Covering the Goulburn and Murray valleys

Paralympians give positive message and advice

Swimmers Ellie Cole and Matt Haanappel are proof of the positive impact the Paralympics can have on young lives.

MARC MCGOWAN February 20, 2013 4:05am

London Paralympics gold medallists Matt Haanappel (middle, blue shirt) and Ellie Cole (back, green shirt) visited Aquamoves on Monday night.


Swimmers Ellie Cole and Matt Haanappel are proof of the positive impact the Paralympics can have on young lives.

Cole, who had her right leg amputated at the age of three due to having a rare form of cancer called sarcoma, was just 16 when she went to the Beijing Games as a self-confessed ‘‘wide-eyed’’ teenager.

It was much the same for 18-year-old Croydon Hills resident Haanappel, who has cerebral palsy, when he experienced the Paralympics for the first time at London last year.

Frankston’s Cole — wiser for her debut — returned last year as a senior team member and added four gold and two bronze medals to the silver and two bronze she claimed at Beijing.

They took part in Goulburn Valley’s inter-district training at Shepparton’s Aquamoves on Monday night before speaking to the swimmers about their experiences.

‘‘There’s a quote I’ve always lived by: ‘It’s better to get a sore neck from aiming too high than a hunchback from aiming too low’,’’ Cole said.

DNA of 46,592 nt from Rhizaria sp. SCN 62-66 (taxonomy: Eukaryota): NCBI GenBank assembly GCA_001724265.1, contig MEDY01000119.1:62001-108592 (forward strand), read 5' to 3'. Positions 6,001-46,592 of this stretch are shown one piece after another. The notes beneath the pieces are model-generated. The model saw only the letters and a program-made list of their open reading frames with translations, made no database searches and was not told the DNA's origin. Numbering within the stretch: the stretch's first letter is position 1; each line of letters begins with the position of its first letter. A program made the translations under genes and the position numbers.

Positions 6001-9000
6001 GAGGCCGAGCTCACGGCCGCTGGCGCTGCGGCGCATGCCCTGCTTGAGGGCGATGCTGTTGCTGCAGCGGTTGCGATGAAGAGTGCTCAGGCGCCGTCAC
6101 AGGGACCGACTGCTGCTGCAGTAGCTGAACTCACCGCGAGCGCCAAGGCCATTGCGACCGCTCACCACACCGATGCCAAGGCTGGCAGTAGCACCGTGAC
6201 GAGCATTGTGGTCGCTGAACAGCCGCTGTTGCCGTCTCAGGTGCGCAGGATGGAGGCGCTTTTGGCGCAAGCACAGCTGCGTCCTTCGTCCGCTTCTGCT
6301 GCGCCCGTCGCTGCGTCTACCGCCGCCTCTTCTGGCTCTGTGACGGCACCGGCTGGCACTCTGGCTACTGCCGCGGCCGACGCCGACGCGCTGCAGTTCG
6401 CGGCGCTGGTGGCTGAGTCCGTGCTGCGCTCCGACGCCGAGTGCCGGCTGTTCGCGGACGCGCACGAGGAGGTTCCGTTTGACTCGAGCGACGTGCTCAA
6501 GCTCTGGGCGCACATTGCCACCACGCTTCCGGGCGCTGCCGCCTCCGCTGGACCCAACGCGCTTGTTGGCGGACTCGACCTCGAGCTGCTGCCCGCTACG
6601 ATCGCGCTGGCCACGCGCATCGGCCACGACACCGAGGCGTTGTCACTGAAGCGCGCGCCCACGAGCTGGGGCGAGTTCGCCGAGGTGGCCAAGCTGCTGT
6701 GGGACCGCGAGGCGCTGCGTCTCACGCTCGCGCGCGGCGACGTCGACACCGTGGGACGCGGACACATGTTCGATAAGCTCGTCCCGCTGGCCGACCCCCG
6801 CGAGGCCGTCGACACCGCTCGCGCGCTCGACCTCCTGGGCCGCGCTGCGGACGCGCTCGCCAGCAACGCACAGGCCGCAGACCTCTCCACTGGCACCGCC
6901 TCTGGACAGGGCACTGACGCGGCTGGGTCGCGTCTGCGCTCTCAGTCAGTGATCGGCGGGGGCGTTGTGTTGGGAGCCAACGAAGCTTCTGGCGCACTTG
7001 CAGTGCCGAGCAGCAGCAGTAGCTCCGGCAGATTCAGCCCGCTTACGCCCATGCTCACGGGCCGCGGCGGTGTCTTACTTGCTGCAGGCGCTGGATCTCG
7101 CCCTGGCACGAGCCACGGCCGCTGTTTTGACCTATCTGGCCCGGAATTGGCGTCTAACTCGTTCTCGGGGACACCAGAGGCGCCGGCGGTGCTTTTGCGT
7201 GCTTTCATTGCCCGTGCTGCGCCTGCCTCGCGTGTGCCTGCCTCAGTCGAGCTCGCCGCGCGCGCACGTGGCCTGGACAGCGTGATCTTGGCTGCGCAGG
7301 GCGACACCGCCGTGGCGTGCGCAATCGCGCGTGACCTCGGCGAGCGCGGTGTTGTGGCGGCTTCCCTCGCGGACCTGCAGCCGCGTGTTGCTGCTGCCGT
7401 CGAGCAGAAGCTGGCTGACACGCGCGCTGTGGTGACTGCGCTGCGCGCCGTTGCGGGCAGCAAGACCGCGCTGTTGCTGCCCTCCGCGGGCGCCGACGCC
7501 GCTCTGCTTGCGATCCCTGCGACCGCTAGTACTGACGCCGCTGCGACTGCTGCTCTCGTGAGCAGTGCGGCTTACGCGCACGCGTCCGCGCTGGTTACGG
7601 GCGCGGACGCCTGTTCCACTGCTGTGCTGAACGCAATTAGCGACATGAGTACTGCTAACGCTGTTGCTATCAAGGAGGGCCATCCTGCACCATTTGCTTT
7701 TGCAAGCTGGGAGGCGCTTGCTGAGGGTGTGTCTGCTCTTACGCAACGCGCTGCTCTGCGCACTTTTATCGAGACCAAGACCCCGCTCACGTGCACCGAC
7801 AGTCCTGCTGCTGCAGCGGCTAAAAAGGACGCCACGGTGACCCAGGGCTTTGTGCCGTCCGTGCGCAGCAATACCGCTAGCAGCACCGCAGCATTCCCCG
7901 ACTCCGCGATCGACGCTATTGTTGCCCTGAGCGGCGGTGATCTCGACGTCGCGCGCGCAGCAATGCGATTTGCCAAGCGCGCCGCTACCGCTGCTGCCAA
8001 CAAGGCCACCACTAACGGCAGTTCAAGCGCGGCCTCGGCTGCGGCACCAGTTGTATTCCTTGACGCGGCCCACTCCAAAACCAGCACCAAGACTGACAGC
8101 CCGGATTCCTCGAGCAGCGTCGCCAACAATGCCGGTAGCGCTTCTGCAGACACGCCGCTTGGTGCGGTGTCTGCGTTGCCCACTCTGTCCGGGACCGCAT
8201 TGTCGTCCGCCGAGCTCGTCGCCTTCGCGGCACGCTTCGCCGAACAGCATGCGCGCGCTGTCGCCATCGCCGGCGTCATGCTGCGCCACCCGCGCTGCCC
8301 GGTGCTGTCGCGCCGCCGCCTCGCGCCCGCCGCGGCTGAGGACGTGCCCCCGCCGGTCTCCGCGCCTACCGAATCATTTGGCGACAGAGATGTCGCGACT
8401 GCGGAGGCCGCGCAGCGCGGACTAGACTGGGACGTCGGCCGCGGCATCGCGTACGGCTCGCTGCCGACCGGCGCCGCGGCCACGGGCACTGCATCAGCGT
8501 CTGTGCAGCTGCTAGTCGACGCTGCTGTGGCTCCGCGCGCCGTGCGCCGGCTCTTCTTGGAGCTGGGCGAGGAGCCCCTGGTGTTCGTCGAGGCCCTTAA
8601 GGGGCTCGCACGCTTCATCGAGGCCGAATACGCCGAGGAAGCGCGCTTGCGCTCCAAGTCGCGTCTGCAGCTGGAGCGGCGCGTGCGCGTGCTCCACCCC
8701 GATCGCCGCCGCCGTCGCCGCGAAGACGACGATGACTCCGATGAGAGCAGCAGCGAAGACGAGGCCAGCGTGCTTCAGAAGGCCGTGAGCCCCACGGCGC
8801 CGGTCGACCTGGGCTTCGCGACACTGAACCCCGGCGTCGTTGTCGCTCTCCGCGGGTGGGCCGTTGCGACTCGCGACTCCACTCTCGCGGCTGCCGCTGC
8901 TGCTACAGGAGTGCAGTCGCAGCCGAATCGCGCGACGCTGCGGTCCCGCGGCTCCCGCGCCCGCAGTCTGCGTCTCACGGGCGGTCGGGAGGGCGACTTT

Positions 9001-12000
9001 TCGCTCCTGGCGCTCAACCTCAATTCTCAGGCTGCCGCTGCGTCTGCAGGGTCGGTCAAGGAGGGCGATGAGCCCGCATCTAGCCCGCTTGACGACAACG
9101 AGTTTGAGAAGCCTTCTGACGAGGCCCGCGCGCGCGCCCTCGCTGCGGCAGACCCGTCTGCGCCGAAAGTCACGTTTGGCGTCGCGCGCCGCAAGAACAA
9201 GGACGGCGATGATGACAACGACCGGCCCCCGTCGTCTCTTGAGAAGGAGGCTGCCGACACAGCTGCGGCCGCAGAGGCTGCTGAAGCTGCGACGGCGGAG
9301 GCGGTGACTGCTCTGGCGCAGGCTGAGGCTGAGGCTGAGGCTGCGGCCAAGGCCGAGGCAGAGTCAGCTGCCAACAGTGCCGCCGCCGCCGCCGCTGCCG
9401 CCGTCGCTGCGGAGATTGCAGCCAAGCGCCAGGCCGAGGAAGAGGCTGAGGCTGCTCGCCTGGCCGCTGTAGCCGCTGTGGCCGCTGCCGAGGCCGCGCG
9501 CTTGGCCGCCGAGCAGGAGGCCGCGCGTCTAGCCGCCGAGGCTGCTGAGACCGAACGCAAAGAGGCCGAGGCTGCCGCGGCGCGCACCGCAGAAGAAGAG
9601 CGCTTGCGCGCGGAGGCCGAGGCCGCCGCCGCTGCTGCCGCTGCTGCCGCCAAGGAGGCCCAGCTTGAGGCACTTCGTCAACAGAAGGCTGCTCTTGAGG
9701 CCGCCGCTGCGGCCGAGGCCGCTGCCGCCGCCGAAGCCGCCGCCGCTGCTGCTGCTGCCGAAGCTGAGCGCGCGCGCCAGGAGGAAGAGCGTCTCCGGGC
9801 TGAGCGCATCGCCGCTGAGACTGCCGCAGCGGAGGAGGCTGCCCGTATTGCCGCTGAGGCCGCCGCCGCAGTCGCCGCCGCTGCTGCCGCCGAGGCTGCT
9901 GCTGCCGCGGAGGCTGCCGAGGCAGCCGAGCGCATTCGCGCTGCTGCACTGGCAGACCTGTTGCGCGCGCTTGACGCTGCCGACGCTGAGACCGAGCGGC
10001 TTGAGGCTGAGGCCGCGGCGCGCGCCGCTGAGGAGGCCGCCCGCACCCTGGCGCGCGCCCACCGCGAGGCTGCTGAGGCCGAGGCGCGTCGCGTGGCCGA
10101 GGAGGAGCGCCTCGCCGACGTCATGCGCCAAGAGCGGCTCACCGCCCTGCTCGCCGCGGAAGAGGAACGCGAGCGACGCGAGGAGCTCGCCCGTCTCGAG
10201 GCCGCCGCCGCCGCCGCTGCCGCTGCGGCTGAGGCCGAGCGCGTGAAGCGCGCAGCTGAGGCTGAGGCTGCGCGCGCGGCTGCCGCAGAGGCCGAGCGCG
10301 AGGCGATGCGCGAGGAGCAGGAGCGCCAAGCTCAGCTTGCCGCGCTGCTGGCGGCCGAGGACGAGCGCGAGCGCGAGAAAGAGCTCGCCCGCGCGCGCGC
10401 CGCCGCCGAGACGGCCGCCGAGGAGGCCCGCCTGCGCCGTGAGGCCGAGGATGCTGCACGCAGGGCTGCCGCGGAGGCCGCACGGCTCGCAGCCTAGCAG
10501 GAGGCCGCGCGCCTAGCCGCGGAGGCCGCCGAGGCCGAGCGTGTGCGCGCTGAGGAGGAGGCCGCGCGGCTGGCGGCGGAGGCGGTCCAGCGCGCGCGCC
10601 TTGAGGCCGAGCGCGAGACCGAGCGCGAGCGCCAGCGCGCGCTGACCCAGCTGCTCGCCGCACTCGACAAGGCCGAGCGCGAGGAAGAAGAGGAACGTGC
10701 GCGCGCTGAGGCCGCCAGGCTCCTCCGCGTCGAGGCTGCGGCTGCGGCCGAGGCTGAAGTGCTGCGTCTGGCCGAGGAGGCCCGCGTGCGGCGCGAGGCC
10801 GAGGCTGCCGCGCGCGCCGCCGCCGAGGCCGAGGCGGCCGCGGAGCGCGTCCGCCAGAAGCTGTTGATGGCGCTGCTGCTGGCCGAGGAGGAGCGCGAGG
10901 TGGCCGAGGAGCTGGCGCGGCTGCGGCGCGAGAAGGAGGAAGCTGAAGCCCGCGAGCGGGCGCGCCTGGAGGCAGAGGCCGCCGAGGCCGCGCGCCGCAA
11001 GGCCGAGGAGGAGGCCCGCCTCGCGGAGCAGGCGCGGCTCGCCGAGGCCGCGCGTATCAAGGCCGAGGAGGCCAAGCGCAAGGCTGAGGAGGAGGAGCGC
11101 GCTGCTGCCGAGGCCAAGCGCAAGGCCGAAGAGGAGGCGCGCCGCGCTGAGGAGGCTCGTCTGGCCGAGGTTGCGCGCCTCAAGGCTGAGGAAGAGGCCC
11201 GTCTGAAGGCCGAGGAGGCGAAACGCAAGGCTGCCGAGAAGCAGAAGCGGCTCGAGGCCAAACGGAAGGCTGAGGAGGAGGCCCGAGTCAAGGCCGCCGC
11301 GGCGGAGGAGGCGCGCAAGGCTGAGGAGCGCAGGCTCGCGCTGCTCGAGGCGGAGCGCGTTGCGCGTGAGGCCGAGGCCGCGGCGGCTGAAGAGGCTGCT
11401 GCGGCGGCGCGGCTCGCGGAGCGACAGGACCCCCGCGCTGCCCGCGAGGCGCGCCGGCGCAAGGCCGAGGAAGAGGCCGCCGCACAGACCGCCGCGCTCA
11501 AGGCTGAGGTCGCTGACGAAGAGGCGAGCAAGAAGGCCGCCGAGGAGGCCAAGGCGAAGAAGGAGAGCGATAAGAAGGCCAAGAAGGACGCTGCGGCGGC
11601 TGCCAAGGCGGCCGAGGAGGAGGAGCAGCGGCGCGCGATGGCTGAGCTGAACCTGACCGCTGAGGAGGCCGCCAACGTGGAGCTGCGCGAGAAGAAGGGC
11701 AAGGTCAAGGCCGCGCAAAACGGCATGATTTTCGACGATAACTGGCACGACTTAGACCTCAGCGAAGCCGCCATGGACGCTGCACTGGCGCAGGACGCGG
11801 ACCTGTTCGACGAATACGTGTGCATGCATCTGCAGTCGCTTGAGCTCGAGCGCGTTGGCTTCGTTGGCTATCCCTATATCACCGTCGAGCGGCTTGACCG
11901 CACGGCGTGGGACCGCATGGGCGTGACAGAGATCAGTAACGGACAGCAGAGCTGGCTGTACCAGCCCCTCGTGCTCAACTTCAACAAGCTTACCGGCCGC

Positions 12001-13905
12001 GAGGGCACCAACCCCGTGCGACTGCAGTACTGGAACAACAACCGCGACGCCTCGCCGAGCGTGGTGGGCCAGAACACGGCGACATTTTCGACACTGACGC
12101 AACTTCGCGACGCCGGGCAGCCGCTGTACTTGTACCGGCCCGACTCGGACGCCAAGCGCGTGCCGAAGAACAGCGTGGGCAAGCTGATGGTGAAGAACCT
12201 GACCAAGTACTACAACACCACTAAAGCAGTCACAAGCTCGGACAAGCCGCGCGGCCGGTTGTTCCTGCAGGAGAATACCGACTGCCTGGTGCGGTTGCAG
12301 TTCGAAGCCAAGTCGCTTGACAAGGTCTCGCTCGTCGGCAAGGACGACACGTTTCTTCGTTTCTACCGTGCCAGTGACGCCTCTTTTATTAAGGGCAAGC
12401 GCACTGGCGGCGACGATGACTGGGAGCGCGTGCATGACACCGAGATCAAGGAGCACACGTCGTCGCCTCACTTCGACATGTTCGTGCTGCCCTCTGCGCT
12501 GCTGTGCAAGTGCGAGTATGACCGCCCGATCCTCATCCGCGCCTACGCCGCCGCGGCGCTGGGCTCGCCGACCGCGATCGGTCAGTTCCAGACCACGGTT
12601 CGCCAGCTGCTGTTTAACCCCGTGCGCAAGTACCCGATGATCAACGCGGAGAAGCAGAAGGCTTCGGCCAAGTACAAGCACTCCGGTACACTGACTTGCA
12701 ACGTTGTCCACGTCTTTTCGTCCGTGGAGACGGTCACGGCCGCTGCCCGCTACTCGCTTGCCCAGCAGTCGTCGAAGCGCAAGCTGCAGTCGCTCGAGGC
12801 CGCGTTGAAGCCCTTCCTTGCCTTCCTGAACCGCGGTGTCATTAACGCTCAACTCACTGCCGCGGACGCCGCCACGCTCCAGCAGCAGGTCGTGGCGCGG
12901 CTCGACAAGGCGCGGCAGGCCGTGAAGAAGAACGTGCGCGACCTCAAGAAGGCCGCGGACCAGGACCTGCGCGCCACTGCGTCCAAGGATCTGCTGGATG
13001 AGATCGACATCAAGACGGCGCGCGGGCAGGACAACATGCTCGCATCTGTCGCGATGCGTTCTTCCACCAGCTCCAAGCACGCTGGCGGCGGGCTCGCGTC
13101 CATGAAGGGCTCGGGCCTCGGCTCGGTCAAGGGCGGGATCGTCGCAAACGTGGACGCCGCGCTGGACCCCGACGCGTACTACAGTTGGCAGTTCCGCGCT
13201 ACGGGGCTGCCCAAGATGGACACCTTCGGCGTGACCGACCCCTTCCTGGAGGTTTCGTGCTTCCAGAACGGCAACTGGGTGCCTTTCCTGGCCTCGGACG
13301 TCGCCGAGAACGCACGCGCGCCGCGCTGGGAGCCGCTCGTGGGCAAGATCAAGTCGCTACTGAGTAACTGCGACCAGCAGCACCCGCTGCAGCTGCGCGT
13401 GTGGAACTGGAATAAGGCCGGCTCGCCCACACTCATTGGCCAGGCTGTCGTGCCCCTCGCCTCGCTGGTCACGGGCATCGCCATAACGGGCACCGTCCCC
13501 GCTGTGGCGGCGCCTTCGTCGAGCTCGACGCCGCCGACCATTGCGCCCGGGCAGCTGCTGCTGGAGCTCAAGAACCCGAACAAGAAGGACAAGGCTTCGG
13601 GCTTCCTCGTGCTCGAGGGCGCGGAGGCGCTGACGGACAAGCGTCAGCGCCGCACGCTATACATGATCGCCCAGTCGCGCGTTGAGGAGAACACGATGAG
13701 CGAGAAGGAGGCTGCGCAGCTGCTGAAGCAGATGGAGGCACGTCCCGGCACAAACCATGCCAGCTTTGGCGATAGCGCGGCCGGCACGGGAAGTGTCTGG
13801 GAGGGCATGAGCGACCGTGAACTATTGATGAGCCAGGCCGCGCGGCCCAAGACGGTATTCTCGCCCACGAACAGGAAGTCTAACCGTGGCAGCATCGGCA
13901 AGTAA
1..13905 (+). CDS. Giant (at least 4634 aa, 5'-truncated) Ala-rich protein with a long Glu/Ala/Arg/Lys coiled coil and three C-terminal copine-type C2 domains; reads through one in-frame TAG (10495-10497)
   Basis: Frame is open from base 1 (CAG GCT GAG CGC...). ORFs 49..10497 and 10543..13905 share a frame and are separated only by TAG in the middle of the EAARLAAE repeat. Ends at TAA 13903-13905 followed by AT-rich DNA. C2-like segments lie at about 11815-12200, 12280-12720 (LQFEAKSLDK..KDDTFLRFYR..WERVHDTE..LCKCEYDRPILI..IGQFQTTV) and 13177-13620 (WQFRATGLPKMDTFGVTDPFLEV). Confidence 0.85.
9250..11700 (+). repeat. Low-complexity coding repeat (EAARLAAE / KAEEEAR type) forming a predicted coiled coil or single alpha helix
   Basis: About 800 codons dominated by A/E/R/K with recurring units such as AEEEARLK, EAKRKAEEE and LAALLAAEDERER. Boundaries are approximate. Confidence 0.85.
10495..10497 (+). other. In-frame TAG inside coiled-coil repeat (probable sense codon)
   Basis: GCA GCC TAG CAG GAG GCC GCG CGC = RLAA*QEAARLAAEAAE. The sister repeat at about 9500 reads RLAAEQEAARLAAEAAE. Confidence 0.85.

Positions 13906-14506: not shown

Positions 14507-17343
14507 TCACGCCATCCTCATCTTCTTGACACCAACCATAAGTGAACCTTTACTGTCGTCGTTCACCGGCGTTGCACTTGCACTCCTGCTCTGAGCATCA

‘‘Something that’s been really important to me in my career is goal-setting. You should have big goals, but keep them realistic.

‘‘That’s definitely the advice I would give. Just don’t go with the flow, actually have goals and dreams and things to strive for.’’

Cole, the Sarah-Grace Sarcoma Foundation patron, spent the three years leading into the London Games training at Australian Institute of Sport’s Canberra base.

‘‘I went to London with a lot more experience under my belt, a bit more determination and a bit more race tactics,’’ she said.

‘‘The games wasn’t such a shock to me the second time around.’’

Haanappel was unable to quite describe the ‘‘amazing experience’’ he had at London, where he was a heat swimmer for Australia’s gold medal-winning 4x100m freestyle relay and bronze medal-winning 4x100m medley relay teams.

‘‘To be in front of 10000 people, you can’t explain it,’’ Haanappel said.

‘‘It was my first experience at Paralympic level or a major level of competition and what other 18-year-olds are doing stuff like that?

‘‘It was a life lesson for me, not just for my swimming. I’ve come back and been able to teach the other Year 12 students in my cohort that there are other things out there in life.’’

Haanappel, who swims for Diamond Valley-Eltham Aquatic, trained up to 20 hours a week to qualify for London.

He set high goals, just like Kings Swimming Club member Cole, and put his Year 12 studies on hold until this year to achieve his Paralympic dream.

‘‘To get out there and get the boys into the final was a massive learning experience for me,’’ Haanappel said.

‘‘To be there and selected not only in the Australian Paralympic team, but an Australian relay at my age and classification — S6 — it has never been done before.

‘‘It was an honour to be part of those relays.’’

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